What all legal actions can be taken against daughter for harassing parents?


You can apply for eviction of your daughter from your home under Section 4 of the Maintenance and Welfare of Parents and Senior Citizens Act, 2007.

If children are unable to care for their parents and allow them to live in peace, they should at the very least refrain from making their lives a miserable nightmare.

The first step in answering your issue would be to consider what you would do to protect your parents from such harassment.

You have a number of choices available to you, starting with a simple threat of removing her from the family’s property.

You can even file a lawsuit against her under the domestic violence statute.

Under the statute that protects older citizens, a parent who has been subjected to ill-treatment or harassment can seek eviction of his children and legal successors from any form of property.

The court stated that Òas long as the parents have legal possession of the property, they can evict their aggressive adult children,Ó adding that Òcourts have consistently recognised the right of senior citizens or parents to live with peace and dignity.Ó

You can even submit a police report against your daughter for threatening to file a false abettement to suicide case against your parents.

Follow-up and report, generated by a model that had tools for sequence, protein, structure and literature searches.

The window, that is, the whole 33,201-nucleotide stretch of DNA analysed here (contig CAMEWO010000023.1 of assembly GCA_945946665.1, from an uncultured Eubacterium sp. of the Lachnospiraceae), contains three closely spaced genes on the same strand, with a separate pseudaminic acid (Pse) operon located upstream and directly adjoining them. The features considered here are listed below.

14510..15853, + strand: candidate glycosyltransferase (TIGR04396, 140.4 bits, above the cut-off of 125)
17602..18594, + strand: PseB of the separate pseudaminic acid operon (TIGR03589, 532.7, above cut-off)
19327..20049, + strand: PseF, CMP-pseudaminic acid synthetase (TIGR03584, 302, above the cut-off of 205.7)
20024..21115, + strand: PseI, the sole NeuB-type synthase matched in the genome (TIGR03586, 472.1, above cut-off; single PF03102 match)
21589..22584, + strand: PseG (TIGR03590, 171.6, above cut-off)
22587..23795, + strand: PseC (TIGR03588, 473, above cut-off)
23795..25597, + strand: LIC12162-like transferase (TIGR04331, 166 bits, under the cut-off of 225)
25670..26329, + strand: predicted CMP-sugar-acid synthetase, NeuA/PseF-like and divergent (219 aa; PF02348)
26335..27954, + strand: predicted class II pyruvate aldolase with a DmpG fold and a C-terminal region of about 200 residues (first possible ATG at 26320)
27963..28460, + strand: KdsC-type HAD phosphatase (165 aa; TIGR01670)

The Protection of Women from Domestic Violence Act of 2005 aims to protect women from domestic violence.

In this scenario, it allows the unhappy mother to file a lawsuit against the daughter who has caused her so much pain.Ó

Reference: Section 4 in The Maintenance and Welfare of Parents and Senior Citizens Act, 2007

4 Maintenance of parents and senior citizens.

(1) A senior citizen including parent who is unable to maintain himself from his own earning or out of the property owned by him, shall be entitled to make an application under section 5 in case of

(i) parent or grand-parent, against one or more of his children not being a minor;

(ii) a childless senior citizen, against such of his relative referred to in clause (g) of section 2.

(2) The obligation of the children or relative as the case may be, to maintain a senior citizen extends to the needs of such citizen so that senior citizen may lead a normal life.

(3) The obligation of the children to maintain his or her parent extends to the needs of such parent either father or mother or both, as the case may be, so that such parent may lead a normal life



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